Whether you trim them yourself or have a groomer trim them for you, how to cut dog nails the right way is important. With the correct tools, like dog nail clippers, his favorite treats, and nail trimming techniques, you can master the skill to give your pup a pedicure!
1. Start by lifting your dog’s feet to see how comfortable he is with handling his paws.
2. Get down on the floor to avoid twisting your dog’s foot too much.
3. Pick your dog’s paw up and look at the underneath of the nail to see the quick.
4. Place the clipper at the very edge of the nail if you do not see a quick.
5. Hold the trimmer at a 45-degree angle.
6. Clip only the tip of the nail at a time. Stop. Review before continuing.
7. Hold his paw and nail up to the light and look into the center of the nail. Check for the quick, which looks like a dark inner circle at the center of the nail.
Tools you’ll need to trim your dog’s nails
Caring for your pup’s paws and learning how to clip dog nails requires a few essential tools to ensure your nail-trimming session goes smoothly.
Treats (it’ll make clipping nails easier for both of you!)
Room with lots of natural light.
An old towel or blanket that smells familiar to your dog (it’ll keep him calm).
Small pair of scissors to trim away fur around the nail.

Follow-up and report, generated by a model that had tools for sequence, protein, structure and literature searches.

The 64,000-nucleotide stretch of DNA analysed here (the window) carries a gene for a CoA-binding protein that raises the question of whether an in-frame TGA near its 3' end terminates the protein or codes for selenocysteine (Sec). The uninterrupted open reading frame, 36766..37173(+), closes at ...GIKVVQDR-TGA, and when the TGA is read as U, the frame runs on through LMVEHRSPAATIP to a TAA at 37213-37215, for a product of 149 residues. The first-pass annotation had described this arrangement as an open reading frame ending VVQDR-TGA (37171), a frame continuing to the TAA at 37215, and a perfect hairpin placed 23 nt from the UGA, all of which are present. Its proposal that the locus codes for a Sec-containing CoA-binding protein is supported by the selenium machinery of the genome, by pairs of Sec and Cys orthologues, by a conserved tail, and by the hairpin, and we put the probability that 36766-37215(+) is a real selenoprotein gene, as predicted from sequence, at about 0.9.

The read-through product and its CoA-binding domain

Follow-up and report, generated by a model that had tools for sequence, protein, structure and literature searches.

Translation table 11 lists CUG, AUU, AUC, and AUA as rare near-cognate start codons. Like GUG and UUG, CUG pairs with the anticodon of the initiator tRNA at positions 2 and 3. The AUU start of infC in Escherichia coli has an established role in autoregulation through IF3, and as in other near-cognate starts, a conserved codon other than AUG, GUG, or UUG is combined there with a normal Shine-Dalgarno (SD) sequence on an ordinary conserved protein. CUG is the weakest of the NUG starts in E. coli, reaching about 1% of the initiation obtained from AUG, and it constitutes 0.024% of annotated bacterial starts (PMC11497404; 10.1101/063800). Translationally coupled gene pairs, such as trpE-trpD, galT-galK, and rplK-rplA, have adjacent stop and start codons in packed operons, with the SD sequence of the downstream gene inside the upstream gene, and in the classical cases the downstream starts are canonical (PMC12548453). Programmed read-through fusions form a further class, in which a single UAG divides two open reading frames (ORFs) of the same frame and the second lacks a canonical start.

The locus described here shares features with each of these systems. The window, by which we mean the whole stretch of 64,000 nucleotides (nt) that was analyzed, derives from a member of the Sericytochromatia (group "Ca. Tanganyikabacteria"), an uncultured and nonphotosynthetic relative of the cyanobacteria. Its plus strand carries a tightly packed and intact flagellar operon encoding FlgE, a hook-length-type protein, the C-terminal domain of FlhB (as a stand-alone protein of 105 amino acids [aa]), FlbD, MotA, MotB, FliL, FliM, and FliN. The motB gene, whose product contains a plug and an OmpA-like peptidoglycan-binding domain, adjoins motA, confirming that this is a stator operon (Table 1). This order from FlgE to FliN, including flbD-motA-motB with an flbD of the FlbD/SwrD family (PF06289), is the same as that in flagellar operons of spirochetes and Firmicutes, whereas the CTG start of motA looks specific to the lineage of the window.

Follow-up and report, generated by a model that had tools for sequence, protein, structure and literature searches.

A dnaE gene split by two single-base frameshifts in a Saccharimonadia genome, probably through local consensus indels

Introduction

Dog nail clipper or grinder, choice of various styles, e.g. guillotine, pliers, scissors.
Small dog nail file, to smooth out rough edges (also optional).
Styptic powder, cornstarch, benzocaine or baking soda to stop any bleeding
Nail-trimming for beginners
Dog nails that are light
When you trim your dog’s nails, the first thing to do is check to see where the quick inside the nail ends. If your dog has light-colored nails, you can see the soft, pink tissue in the center called the quick.
The quick includes a blood vessel and nerve and is easier to see on light dog nails. Hold your dog’s paw up to the light. The quick is visible through the nail and looks like a nail-within-a-nail. You must avoid cutting into the quick as it will bleed and causes your dog pain.
Dog nails that are dark
Learning how to clip dog nails that are dark is a little different from learning to trim light dog nails. The first thing you’ll notice is that you will not see the blood and nerve that makes up the quick through the nail.
To view the quick of the nail, gently lift your dog’s paw and look at the center of the unclipped nail head-on. If the nail has a small dark circle at the center, it indicates the beginning of the quick of the nail. Do not clip any nail that has a circle in the center as you’ll be clipping into the quick.
If you do not see the center-circle, snip off the smallest edge of the nail at 45 degrees. Check again to see if there is an exposed center-circle. Once you see the dark circle in the middle of the nail, you have clipped far enough. You must not cut into the quick as it will cause your dog pain and bleed.
What to do if you cut the quick
If you cut a nail too short and it begins to bleed, apply pressure to the tip of the nail to stop the bleeding, or dip the nail in the cornstarch or styptic powder. If the nail has bled, keep your dog calm and quiet so that the nail isn’t further damaged or injured with walking or running. The only other thing you’ll need is lots of treats!
As a dog parent, you want to do everything you can to care for your dog; this involves regular, everyday activities to ensure they stay happy and healthy. Practice these ten responsible dog care tips year after year for a lifetime of happy and healthy cats and dogs.
1. Veterinarian Visits